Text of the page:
Taxis and buses in a scramble to transport stranded commuters

Commuting to work and back home has become no one’s favourite time of the day.

Desperate to reach their destination, commuters are being forced to stand in longer than usual queues to get a taxi thanks to the breakdown of Metrorail’s Central line over a month ago after another incident of vandalism.

Some chatting, others moaning, they are all left wondering when the next taxi will arrive while also suffering the hot temperatures.

As if that was not enough, commuters also have to spend more money now. Some take two taxis to reach work.

Travelling to work and back home in rush hour is not for the faint-hearted and is often subject to delays.

But one of the biggest taxi associations, the Cape Organisation of Democratic Taxi Associations (CODETA) denied that they could not cope with the loads of the commuters. In fact, its public relations officer, Besuthu Ndungane, said there is nothing new, the numbers are still the same. He said to them it is business as usual.

Golden Arrow Bus Services public relations manager, Bronwen Dyke-Beyer, said Golden Arrow operates at capacity during peak but as the most stable public transport operator in the Metropole and is very much aware of how many people rely on the company to get to work and back.

“Throughout this period we have therefore run additional buses after peak hours to ensure that waiting commuters are able to board a bus as quickly as is reasonably possible.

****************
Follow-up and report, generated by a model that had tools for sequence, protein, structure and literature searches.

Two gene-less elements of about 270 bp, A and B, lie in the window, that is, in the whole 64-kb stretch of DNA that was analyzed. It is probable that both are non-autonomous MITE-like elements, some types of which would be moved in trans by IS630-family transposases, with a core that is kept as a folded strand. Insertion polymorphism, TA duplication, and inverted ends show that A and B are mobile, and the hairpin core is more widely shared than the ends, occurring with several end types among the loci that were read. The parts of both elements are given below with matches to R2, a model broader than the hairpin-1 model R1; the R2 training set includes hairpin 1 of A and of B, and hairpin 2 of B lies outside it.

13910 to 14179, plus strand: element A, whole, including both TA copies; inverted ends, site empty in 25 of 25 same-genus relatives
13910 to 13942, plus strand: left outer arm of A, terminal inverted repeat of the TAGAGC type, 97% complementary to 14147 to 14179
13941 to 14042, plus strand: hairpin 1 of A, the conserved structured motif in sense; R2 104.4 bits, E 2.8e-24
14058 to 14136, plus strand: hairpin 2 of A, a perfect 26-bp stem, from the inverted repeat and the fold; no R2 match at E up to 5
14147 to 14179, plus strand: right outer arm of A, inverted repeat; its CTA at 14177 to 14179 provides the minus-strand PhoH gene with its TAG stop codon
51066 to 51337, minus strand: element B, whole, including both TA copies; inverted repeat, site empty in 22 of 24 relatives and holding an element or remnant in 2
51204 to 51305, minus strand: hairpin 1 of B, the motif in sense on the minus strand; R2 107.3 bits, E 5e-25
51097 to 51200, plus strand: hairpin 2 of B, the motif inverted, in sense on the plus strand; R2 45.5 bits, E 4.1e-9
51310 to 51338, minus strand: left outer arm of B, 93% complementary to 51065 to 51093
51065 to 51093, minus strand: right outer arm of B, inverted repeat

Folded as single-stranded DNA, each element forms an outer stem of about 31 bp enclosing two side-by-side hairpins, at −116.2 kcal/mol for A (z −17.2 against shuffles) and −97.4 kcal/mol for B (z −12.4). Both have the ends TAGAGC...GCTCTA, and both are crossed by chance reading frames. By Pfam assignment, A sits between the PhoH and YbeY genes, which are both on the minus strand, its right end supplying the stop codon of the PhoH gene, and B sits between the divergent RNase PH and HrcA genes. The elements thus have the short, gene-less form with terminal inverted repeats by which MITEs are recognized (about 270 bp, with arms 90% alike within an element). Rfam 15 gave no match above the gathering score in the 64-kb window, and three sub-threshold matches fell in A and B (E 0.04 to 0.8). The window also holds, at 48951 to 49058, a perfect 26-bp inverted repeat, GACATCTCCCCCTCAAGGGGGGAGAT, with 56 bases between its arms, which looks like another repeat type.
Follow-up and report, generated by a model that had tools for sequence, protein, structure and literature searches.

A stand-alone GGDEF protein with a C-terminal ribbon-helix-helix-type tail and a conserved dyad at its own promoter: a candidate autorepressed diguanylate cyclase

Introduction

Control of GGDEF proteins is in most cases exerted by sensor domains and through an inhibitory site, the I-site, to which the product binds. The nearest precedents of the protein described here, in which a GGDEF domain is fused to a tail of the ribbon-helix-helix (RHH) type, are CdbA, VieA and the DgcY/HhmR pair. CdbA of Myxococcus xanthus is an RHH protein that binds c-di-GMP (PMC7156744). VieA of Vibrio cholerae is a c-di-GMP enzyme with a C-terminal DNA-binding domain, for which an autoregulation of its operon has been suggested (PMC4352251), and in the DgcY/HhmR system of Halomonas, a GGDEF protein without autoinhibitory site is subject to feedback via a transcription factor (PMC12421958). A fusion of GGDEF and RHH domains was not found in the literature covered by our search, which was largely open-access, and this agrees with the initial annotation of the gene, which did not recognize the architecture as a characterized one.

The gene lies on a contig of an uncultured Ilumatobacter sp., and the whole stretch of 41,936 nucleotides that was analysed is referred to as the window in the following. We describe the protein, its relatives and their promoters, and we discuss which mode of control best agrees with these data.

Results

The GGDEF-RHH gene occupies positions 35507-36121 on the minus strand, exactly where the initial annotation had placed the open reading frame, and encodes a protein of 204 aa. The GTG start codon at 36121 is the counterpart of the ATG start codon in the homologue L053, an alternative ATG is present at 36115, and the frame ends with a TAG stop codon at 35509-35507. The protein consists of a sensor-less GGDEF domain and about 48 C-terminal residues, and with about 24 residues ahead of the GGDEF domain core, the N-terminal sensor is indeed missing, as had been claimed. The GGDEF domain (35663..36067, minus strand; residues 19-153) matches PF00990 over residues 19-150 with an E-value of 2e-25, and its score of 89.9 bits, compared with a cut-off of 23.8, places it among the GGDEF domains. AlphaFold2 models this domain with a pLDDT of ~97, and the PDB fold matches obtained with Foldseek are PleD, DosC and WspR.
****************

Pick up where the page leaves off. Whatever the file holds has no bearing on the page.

“Unfortunately, Golden Arrow only has a fraction of the carrying capacity of the train service and this impacts the speed with which we are able to clear passengers,” she said.

She added that the company and Metrorail have for some time had an arrangement in place where they agreed to assist commuters in times of crisis.

But she said the arrangement was not intended to be permanent and was based on allowing Metrorail passengers to use their valid Metrorail tickets to board their buses free of charge only during off peak periods. Now that Metrorail is no longer selling tickets for their services this agreement is no longer in place.

But according to Khayelitsha Development Forum (KDF), the heavy load on the taxis might be over soon.

Ndithini Tyhido, KDF chairperson, wrote to this newspaper saying his organisation salutes the parliamentary portfolio committee of transport under the capable interim chairmanship of Leonard Ramatlakane for the speedy resolution of the Metrorail central line crisis that has been going on for more than five weeks now.

“We further congratulate the committee for rejecting Passenger Rail Agency of South Africa’s (PRASA)proposal to only reopen the line on Wednesday next week.”

But the Metrorail spokesperson could not confirm when the line would be reopened. “

We will be able to issue a statement once the details have been confirmed. At this stage there is no indication when our briefing will be.”

The Cape Amalgamated Taxi Association (CATA) kept on postponing talking to Vukani.

On the day of going to press, they said their spokesperson would only available the following day, a response they kept on saying since last Friday.